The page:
Breeding Metriaclima aurora

By Dave Gauthier

 

I attained 5 of these Lake Malawi mouthbreeders from a club member a few months back at the size of about 1.5 and smaller.  There was one fish that was slightly showing some yellow color.  These fish were known as Pseudotropheus aurora; according to the book Malawi Cichlids In Their Natural Habitat, 3rd Edition, they have been reclassified as Metriaclima. Their main distribution in Lake Malawi is Likoma Island, although they can be found in just under a dozen other locations, all with widely varied color patterns.  They stay in the intermediate habitat and rarely venture into deeper water.

 

I placed the group in a 55 gallon aquarium with my usual gravel/crushed coral substrate and filtered by an undergravel filter with two powerheads.  A couple of rock piles helped them to adjust to the tank quickly.  I keep the tank at 80 degrees F, with a pH around 8.2-8.4. I also do a 50% water change weekly to this tank. I feed these fish a mixture of spirulina, cichlid and vivid color flake as a staple, with a bi-weekly feeding of frozen brine shrimp and krill. They grew pretty fast in the few months that I have had them and I was actually surprised to suddenly see a female with a mouthful of eggs at such a small size.  I did not witness the spawning ritual, but the male has dug out a small pit in a rocky area in the back left side of the tank and will shake and push color until he can lure a female in to his pit.  I would assume the spawning is typical to all mouthbreeders.  They will circle each other and when the female deposits her eggs, she will pick them up and the male will be flashing his anal fin and the females will attempt to pick up the egg spots on his fin also, fertilizing the eggs.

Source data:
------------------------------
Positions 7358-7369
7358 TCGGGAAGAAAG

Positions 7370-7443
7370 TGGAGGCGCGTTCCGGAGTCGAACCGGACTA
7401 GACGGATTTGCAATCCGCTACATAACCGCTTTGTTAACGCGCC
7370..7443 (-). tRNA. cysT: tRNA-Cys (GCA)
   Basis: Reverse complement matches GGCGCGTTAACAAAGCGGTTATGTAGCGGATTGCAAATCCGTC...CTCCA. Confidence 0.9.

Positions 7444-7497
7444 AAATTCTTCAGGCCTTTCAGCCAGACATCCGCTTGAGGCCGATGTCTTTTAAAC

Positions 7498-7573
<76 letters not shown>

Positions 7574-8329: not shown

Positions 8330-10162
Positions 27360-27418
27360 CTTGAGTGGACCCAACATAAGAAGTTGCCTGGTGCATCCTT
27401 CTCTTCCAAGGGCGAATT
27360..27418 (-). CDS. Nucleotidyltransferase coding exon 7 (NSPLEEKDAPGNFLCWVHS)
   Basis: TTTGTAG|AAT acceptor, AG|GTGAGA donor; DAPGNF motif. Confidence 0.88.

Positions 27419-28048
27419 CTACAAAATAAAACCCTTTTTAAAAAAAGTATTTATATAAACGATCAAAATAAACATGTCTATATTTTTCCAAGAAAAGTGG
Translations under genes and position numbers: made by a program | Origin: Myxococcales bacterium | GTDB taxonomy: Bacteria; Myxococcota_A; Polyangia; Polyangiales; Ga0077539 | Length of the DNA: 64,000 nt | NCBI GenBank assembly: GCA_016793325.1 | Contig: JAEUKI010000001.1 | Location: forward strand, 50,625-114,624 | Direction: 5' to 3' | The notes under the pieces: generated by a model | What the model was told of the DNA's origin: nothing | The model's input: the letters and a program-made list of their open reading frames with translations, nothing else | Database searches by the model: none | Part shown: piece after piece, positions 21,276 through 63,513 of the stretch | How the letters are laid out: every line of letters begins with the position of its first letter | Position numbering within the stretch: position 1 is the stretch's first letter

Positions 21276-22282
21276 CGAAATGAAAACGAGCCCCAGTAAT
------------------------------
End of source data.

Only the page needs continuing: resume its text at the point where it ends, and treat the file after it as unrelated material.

I stripped the female after 5 days and she had 9 eggs with eyes.  I tumbled them for not even two weeks before the yolk sac was absorbed and they were free swimming.  These things grew pretty quick in the tumbler!  I then removed them to a 10 gallon tank with a sponge filter, heater and a bare bottom.  Although they grew quick in the tumbler, they got ďlostĒ in the tank, and I wasnít sure they were even eating because they were so hard to find.  Lesson learned.  I now put them in a 5 gallon with the same setup as the 10. Because of their size, it only took a day or two before they were eating crushed flake (same kinds I feed the adults) twice to three times a day.  A bi-weekly water change is also done on the fry tanks.  

 

The fish showing color when I got them is the one pictured above.  [Note:† Photo is missing.]† Along with 2 females, there are 2 that are still pretty small and neither is showing any color, so at this point in time, I donít know the sex of the 2 smallest fish, although they seem to be growing a little more now.  But I did get a trio for sure.  The male has spawned with both females simultaneously since the first spawn.  The females are holding 18+ eggs per spawn now. I am glad to have picked up this nice group of mbunas.† The males can be aggressive when itís time to spawn, but given plenty of space and some rock work, anyone would have luck keeping or breeding these fish.